When it comes to salt consumption – an ever-controversial topic in the world of nutrition and health – the old adage “everything in moderation” has proven to be true. Researchers at the Population Health Research Institute (PHRI) of Hamilton Health Sciences and McMaster University have discovered that, for most people, sodium (a.k.a. salt) consumption does not increase the risk of health problems except for those who eat more than five grams a day, the equivalent of 2.5 teaspoons of salt.
Andrew Mente, an author of the study, and his colleagues at PHRI along with researchers from across countries found that salt intake above five grams, equal to 2.5 teaspoons, per day can increase a person’s risk of health problems like cardiovascular disease. But, fewer than five per cent of people who live in developed countries, including Canada, exceed that level. The average sodium consumption is between 3 to 5 grams – or 1.5 to 2.5 teaspoons – of salt per day.
The findings are part of a larger, long-term study led by PHRI looking at how nutrition impacts health in populations around the world. Last year, the same team found that a higher versus lower intake of fat can also reduce the risk of health problems and death. The findings are challenging global dietary guidelines, which Andrew and his team argue need to be revisited.
There’s only an associated risk of heart disease and stroke when a person’s average daily salt is greater than five grams.
“The World Health Organization recommends consumption of less than two grams of sodium – one teaspoon of salt – a day as a preventative measure against heart disease, but there is little evidence in terms of improved health outcomes that individuals ever achieve at such a low level,” says Andrew.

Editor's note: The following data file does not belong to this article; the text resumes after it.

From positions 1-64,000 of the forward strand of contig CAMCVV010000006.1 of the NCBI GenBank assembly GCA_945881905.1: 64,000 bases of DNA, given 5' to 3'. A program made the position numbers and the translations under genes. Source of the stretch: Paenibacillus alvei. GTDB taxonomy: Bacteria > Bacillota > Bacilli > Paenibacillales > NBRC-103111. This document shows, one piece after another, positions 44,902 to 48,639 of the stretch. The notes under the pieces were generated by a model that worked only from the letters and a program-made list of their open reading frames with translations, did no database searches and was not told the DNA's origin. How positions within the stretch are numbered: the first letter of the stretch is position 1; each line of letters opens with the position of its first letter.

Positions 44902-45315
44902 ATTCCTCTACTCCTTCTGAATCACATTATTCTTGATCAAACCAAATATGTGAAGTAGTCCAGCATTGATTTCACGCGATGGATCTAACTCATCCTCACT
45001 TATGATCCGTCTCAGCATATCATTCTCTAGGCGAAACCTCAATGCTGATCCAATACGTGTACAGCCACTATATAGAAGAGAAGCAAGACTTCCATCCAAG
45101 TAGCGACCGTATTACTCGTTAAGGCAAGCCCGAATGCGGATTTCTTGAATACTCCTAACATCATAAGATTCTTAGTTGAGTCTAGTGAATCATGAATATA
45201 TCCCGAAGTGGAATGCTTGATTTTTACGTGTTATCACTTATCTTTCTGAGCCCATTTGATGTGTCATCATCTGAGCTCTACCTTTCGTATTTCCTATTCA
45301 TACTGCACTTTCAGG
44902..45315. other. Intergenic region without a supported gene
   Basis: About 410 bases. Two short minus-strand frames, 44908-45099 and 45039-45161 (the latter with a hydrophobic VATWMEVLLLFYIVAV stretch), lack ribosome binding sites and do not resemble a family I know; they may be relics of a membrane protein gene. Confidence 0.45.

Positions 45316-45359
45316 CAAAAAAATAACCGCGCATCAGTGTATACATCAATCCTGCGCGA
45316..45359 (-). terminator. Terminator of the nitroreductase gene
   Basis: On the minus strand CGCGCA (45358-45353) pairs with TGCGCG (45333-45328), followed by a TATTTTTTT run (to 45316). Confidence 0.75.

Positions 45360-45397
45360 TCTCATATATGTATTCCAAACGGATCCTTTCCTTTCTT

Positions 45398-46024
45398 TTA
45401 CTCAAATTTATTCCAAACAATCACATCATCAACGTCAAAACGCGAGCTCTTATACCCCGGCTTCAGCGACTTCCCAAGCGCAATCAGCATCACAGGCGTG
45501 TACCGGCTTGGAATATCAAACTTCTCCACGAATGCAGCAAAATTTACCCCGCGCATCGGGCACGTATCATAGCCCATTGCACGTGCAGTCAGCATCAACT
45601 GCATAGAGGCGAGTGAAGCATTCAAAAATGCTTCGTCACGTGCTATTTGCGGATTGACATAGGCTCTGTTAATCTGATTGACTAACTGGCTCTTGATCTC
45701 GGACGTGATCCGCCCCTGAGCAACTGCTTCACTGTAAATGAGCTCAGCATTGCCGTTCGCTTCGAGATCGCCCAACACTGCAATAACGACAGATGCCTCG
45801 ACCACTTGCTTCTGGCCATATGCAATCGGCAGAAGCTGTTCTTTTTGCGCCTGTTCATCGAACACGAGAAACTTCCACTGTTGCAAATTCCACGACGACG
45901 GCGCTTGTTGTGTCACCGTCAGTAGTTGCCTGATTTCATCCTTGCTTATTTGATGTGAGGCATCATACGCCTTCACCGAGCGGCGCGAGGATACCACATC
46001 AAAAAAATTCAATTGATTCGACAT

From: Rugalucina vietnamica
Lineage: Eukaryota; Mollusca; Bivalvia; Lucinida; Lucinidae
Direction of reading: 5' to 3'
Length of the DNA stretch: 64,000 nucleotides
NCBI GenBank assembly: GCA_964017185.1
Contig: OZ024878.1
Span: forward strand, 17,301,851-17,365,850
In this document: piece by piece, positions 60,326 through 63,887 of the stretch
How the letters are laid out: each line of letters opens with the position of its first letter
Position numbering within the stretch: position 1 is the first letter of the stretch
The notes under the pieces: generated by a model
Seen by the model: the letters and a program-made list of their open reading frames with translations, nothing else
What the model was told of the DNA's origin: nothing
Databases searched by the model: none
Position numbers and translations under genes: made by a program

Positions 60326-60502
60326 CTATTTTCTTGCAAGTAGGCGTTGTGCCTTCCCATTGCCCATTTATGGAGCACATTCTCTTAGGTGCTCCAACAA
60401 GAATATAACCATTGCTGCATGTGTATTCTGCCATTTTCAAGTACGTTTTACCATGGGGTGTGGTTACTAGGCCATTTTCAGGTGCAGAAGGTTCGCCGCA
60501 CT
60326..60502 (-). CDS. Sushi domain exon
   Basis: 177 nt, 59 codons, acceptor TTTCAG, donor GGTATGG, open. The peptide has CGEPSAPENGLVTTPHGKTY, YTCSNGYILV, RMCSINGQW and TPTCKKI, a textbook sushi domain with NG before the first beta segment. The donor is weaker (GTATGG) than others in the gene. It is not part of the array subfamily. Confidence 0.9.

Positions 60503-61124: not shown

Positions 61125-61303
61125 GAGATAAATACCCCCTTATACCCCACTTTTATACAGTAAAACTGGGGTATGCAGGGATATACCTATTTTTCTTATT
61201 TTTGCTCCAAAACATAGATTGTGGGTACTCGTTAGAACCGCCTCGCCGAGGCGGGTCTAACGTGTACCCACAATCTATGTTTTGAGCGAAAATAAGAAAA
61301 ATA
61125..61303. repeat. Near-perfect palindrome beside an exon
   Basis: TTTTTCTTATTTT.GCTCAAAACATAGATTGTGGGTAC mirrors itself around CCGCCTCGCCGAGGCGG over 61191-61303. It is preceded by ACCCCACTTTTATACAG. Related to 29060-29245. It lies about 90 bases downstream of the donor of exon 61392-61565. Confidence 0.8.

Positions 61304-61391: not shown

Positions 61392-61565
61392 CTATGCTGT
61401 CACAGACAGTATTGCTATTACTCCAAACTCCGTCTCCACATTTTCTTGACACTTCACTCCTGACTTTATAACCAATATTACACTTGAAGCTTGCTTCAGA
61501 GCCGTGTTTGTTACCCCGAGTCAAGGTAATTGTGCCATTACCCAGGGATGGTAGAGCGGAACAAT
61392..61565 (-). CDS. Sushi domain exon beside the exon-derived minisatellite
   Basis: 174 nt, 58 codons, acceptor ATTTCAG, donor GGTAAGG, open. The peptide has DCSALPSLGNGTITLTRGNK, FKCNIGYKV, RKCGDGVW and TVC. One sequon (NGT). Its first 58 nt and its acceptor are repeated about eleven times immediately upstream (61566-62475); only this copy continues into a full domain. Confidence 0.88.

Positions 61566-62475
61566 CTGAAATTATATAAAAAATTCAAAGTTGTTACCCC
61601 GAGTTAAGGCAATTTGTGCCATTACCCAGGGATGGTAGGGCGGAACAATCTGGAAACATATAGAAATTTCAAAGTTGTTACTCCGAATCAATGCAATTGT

The study followed 94,000 people aged 35 to 70 from 18 countries around the world for an average of eight years. The results show that there’s only an associated risk of heart disease and stroke when a person’s average daily salt is greater than five grams. When the average intake is less than five grams, the evidence shows that there is no correlation between salt intake and risk of heart disease and death.
“Our findings show that community-level interventions to reduce salt intake should only target communities with high salt consumption, and should be embedded within approaches to improve overall dietary quality,” says Andrew.
Of all 18 countries involved in the study, China was the only country where the majority of people consume more than five grams of sodium a day.
The study findings have been published in The Lancet in August 2018. Click here to read the full article.